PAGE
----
Yet with all this, the legacy you left behind was one of joy. Those that loved you and knew you best speak of your unfailing kindness, your warmth, how you always made time for others. At your funeral, our family was surprised at just how many mourners there were. We’d had no idea how many people you had touched so deeply.

I wish I could’ve known you better. Most of my knowledge is secondhand. This album I found has given me a rare look back at you, your childhood friends and youth. It’s also given me so many more questions.

Did you look at these photos in private? How often did you bring them out—only occasionally, every Sunday, or every night, after you’d washed the dishes and put your children to bed? As the house was quiet, did you thumb through the pages and remember? Did it bring you pain or peace or laughter—or all three?

The first few pages are of your siblings. Their photos are the largest of the whole album. At the time you left Holland, you thought you’d never be able to see them again. I can only imagine how badly you missed them.

I am a traveller, too. I struggle with the idea of having to build a life somewhere, far away from my family, and I wish I could ask—how did you do it? And did you ever regret it?

Alongside the photos of your siblings, there’s a photo of a regular brick house with a greenhouse growing tulips in the back. Quintessentially Dutch, it’s the house you were born in. I went there, in 2017, on a trip to the Netherlands. I stayed with Sjaak, one of your nephews, and his family. Sjaak took me one day to see the house where you and his mother (your sister) had grown up with eight other siblings in Roelofarendsveen near Oude Wetering. Maybe she had a photo album, too, with your glasses and grin taking up a whole page.

Later, I went back to your house alone. I borrowed a bicycle and pedaled off, not sure exactly where it was, but thinking I could find it—and I did. Like a homing beacon, I somehow knew which lane to take, which canal to follow, like a voice inside was calling me back to your childhood home.

I hope you know, somehow, that you inspire me to be brave and take great leaps. To travel and work hard. To value friendship and family above all else. To try to do good with the time I have, to try and leave behind a legacy as powerful as yours has been.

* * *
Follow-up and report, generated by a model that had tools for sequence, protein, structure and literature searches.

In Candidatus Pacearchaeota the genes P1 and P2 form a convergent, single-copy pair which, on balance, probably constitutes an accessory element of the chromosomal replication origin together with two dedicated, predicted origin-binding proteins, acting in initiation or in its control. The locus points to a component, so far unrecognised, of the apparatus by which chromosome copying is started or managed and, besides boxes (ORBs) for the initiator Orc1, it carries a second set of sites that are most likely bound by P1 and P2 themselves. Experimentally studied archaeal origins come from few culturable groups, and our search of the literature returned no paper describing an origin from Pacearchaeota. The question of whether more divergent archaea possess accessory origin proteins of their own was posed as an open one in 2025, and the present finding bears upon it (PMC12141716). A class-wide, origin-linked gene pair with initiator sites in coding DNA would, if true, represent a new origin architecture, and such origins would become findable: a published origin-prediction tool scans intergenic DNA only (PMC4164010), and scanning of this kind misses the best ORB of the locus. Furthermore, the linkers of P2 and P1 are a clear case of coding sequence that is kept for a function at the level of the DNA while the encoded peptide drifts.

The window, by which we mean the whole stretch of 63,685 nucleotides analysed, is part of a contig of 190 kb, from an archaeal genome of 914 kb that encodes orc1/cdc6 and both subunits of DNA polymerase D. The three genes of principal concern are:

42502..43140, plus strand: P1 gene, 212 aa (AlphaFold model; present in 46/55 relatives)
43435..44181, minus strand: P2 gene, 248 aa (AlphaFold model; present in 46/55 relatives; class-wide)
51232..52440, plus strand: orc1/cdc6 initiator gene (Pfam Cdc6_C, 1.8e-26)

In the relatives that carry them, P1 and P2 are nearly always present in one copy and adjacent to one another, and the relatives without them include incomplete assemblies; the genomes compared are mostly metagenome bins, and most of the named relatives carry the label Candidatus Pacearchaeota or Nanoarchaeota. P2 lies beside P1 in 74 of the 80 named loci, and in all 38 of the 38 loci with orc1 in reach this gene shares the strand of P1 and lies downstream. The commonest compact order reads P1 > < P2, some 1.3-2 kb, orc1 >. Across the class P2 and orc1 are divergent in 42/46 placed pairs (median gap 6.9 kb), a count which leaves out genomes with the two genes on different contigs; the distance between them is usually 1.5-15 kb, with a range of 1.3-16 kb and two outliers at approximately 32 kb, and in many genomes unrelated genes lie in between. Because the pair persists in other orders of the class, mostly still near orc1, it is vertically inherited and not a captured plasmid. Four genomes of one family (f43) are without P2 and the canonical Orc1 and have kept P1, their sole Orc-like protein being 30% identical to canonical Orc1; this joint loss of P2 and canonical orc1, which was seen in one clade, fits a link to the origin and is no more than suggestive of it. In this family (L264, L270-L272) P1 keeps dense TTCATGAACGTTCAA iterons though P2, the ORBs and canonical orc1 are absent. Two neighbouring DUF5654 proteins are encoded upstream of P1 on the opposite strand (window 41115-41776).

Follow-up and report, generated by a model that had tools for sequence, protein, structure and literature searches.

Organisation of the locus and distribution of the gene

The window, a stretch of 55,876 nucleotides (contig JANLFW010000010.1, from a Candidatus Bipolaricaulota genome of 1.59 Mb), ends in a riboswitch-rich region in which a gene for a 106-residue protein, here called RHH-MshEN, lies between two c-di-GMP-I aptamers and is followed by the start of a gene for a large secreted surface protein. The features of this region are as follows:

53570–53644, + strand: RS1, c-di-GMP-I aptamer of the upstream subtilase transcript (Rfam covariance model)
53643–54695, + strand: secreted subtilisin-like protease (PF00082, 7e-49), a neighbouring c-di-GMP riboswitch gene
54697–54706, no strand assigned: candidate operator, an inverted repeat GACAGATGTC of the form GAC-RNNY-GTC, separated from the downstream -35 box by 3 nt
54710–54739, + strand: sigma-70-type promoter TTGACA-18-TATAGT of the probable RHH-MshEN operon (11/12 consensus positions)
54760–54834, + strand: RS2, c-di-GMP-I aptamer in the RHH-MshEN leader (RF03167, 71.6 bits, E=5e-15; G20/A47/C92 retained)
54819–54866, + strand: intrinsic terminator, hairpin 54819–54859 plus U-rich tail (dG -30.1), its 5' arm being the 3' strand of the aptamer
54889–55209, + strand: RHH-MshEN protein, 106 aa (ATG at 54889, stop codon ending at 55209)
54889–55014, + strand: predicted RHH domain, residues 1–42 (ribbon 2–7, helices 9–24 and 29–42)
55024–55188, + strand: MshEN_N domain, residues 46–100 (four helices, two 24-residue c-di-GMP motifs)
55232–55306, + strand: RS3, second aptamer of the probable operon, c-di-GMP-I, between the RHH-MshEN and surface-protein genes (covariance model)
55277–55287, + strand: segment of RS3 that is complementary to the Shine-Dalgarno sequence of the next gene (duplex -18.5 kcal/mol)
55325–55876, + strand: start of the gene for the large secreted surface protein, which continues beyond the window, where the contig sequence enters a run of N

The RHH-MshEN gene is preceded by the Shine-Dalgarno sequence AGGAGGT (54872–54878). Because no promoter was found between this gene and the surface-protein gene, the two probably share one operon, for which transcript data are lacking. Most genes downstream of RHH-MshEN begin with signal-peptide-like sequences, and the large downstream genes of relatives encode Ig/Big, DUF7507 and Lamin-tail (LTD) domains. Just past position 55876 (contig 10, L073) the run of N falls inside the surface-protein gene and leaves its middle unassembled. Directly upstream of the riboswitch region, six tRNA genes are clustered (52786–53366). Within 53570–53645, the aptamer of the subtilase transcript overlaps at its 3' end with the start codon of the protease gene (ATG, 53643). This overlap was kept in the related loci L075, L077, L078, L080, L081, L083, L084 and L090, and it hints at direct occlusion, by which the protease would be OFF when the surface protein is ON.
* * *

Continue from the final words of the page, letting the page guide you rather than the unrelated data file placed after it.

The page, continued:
I knew you only a little. But it seems that the older I get, the more I learn. Sometimes in small tidbits from my mother: like the soup recipe you used to make or how you always sat with her after school to hear about her day. Sometimes I learn in big leaps, like the discovery of this album. The truth is that although I knew you just a little, you are forever a part of my heritage. Your past is forever linked to my future, and I am eternally grateful to you for this. For taking that leap. For crossing an ocean. For being a part of who I am.

When I think of you now, I don’t think of you as either Rie van deer Meer or Mary Does. You were both.

For all I wish I could have had the chance to ask you—for all that I wish I could have learned—still, somehow, you have taught me so much.

Thank you.

With love,

your granddaughter

An asymmetrical collage featuring an image of a girl running through a field, the side of an umbrella, and a hand. A printed letter E is at the bottom.

Untitled Collage

by Ana Jovanovska


Caelan Beard is a writer based out of London, Ontario. Her work has been published in Horse Canada, Horse Network, Verge Travel Magazine, Sarasota Polo Magazine, and The Ontarion.

Ana Jovanovska was born in 1991 in Macedonia. She holds an MFA in the Graphic Art Field. Her practice is rooted in deep observation and reaction to the current times and spaces. Ana has had 12 independent, and more than 250 group exhibitions around the world.